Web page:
Amy Rosen, President & CEO of the Network for Teaching Entrepreneurship, has a good summary at The Huffington Post of a promising new initiative to restructure high school education to better prepare students for higher eduction or entering the workforce, while also improving educational accountability. From “Educational Reform We Can Believe In“:
Education can be exciting. Very exciting.
Case in point — there is a new program being offered to students in 8 states — a new program that will help prepare them for college and beyond. Organized by the National Center on Education and the Economy (NCEE), the initiative will allow 10th graders to take a series of board examinations to test their mastery of basic educational requirements. If they pass, the students will have the opportunity to graduate early and attend a community college. If they fail, parents and teachers will be made aware of the basic challenges that still need to be overcome.
Either way, it’s a win-win for the students and for the rest of us who care for them now, but will depend on them later.
The National Association of Manufacturers supports this initiative, as the approach can provide students with a more effective pathway into careers in manufacturing. NCEE announced the state programs on Feb. 17, “U.S. High Schools in Eight States to Implement World-Class Instructional Systems and Examinations“:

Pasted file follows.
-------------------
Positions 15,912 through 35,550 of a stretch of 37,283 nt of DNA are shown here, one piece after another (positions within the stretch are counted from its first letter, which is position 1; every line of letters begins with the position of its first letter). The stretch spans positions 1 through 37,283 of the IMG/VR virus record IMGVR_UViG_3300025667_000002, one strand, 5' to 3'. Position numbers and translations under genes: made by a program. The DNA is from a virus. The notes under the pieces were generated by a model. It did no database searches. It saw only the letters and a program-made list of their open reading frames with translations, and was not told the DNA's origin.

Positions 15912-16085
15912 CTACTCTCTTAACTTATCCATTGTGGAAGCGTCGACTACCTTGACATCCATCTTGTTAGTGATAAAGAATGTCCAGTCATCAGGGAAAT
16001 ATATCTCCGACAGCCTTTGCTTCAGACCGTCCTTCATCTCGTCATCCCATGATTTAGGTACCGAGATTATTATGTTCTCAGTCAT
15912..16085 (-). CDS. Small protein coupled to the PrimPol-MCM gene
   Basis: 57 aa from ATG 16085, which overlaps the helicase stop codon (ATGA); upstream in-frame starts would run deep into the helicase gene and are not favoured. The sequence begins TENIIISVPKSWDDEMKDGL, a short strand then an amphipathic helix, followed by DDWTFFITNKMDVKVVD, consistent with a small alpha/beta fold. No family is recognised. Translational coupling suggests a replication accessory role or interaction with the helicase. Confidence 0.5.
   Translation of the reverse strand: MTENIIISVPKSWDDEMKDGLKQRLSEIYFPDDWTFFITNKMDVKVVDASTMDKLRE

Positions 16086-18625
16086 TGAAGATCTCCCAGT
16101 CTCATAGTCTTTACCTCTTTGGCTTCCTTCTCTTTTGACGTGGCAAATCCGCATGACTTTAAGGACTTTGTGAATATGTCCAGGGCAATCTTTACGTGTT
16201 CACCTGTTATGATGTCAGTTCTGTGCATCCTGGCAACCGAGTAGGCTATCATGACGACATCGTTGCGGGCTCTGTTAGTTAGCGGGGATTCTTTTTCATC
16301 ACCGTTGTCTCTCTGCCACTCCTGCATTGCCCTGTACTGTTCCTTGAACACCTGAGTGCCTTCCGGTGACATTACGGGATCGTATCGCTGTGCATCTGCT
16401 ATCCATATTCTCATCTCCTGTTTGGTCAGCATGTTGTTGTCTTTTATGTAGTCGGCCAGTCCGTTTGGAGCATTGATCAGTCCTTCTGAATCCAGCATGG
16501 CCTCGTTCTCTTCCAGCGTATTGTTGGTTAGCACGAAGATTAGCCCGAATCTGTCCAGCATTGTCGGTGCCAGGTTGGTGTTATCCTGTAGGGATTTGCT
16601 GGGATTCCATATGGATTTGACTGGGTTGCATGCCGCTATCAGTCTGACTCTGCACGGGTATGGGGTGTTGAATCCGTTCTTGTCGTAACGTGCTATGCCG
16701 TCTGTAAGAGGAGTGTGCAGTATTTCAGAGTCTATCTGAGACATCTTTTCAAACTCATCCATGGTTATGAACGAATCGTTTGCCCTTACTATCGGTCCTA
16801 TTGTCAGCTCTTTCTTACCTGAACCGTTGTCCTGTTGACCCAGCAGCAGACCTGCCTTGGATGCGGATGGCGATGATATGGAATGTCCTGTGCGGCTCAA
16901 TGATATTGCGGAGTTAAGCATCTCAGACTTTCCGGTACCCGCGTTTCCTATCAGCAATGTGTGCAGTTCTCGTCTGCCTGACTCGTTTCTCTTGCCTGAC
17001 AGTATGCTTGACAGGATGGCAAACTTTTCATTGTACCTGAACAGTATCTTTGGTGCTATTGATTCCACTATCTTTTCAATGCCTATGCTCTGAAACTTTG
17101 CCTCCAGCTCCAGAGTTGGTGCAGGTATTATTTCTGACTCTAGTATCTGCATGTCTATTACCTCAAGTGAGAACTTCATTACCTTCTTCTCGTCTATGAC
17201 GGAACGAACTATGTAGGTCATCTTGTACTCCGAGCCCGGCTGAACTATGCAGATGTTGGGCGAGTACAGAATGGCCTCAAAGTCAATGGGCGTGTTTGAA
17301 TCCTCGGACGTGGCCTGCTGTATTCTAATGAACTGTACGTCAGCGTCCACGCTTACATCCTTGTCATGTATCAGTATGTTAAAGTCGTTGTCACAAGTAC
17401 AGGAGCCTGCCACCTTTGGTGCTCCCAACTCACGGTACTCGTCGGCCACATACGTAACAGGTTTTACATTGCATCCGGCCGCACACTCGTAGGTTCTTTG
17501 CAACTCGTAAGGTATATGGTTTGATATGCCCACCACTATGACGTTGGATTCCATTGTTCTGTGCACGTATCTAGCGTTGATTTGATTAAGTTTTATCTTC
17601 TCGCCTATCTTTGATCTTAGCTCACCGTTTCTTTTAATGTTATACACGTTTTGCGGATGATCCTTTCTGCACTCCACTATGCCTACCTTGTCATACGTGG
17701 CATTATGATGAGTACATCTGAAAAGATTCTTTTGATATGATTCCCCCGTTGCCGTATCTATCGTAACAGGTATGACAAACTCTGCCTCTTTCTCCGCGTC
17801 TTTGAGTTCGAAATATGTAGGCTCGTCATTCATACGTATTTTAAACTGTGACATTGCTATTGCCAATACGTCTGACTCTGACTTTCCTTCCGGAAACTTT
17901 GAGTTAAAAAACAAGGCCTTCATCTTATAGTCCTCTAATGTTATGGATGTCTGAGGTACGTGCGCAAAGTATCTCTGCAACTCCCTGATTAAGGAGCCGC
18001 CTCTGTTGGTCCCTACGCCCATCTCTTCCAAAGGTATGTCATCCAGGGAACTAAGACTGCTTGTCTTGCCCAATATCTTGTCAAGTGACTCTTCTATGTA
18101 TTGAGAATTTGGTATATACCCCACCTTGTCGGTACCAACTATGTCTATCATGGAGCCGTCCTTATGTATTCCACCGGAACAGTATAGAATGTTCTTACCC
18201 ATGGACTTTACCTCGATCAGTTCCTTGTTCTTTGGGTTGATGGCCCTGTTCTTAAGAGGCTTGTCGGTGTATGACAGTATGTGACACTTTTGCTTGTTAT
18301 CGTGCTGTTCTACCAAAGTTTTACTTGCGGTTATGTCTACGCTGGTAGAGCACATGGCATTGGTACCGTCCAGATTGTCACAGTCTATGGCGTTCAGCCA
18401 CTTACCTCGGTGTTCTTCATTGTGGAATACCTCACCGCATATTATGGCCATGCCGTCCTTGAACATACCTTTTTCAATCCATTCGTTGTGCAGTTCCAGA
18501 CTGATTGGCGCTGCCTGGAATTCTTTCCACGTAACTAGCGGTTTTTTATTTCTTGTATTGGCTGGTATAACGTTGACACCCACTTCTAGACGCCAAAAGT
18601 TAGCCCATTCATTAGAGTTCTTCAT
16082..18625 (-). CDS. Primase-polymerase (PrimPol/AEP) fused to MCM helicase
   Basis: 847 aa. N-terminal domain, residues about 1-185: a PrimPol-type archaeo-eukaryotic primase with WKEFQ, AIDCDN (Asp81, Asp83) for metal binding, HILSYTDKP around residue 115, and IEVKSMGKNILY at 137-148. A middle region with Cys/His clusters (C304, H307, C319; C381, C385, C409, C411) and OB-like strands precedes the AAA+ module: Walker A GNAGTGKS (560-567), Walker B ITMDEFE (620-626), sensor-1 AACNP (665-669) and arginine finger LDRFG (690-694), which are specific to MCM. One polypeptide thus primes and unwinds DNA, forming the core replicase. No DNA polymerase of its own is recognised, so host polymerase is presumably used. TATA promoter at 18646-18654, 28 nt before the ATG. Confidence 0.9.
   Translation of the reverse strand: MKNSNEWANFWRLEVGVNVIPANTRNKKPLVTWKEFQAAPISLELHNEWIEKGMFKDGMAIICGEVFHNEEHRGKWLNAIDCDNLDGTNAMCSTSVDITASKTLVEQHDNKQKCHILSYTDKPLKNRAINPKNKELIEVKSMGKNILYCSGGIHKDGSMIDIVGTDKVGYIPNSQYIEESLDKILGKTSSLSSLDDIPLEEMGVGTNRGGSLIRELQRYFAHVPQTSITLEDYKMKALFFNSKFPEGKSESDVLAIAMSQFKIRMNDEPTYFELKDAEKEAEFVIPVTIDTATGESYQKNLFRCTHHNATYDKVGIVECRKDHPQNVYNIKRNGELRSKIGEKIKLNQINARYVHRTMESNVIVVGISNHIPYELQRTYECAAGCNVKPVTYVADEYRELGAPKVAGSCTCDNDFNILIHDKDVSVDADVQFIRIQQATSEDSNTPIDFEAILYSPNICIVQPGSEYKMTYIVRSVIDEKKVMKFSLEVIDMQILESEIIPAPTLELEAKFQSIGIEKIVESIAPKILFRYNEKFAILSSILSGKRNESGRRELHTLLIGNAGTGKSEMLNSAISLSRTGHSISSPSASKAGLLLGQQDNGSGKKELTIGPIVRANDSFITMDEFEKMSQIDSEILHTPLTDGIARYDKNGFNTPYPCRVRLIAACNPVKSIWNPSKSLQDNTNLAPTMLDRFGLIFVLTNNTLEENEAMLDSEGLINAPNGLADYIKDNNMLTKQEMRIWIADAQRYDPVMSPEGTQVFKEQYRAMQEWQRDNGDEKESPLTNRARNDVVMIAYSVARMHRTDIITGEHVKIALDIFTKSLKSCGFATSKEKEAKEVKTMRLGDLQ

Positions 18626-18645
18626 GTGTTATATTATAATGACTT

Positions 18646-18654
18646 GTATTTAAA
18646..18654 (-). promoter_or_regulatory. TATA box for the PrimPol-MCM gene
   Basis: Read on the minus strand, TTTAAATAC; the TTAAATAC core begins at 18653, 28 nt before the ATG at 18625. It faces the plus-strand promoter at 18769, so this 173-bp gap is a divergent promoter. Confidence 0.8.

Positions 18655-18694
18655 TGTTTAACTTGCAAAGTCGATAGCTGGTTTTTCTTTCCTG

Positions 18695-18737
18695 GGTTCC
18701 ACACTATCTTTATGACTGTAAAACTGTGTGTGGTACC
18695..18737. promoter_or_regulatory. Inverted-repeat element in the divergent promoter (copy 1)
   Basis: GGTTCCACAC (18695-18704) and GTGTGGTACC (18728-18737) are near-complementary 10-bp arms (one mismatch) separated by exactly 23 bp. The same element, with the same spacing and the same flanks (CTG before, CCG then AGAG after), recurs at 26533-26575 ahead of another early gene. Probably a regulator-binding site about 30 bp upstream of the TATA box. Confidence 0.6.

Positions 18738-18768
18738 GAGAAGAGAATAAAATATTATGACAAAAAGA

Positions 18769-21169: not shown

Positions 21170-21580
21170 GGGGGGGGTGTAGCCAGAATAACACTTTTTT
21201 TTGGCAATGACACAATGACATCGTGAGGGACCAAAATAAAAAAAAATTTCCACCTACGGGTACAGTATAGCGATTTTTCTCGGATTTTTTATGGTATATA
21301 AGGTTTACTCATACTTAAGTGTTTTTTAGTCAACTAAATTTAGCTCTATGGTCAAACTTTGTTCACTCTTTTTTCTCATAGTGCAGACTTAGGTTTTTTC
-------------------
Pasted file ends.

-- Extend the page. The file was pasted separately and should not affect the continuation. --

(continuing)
NCEE President Marc Tucker announced that Connecticut, Kentucky, Maine, New Hampshire, New Mexico, Pennsylvania, Rhode Island and Vermont will work with NCEE through a grant from the Bill and Melinda Gates Foundation to improve the performance of high school students in these eight states by adopting powerful instructional systems that actually set the international standards.
“By introducing these Board Examination Systems in pilot high schools in these states as early as the 2011-2012 school year, we will begin a process that will ultimately prepare dramatically more students for college success and greatly reduce the high number of students who now take remedial courses in college,” said Tucker.
NCEE has a long track record of analyzing and benchmarking the highest performing education systems around the world. Over the years, it has found that in countries where the majority of students perform at high levels, two factors stand out. One is that teachers are recruited from the top-third of college students, and the other is that Board Examination Systems are used to drive learning to high levels.
There’s more available information at the website of The New Commission on the Skills of the American Workforce. News coverage…
- Westport Now, “Connecticut Part of Project to Reinvent High School“
- New York Times, “High Schools to Offer Plan to Graduate 2 Years Early“
- Providence Journal, “Program to prepare students for college while in high school“
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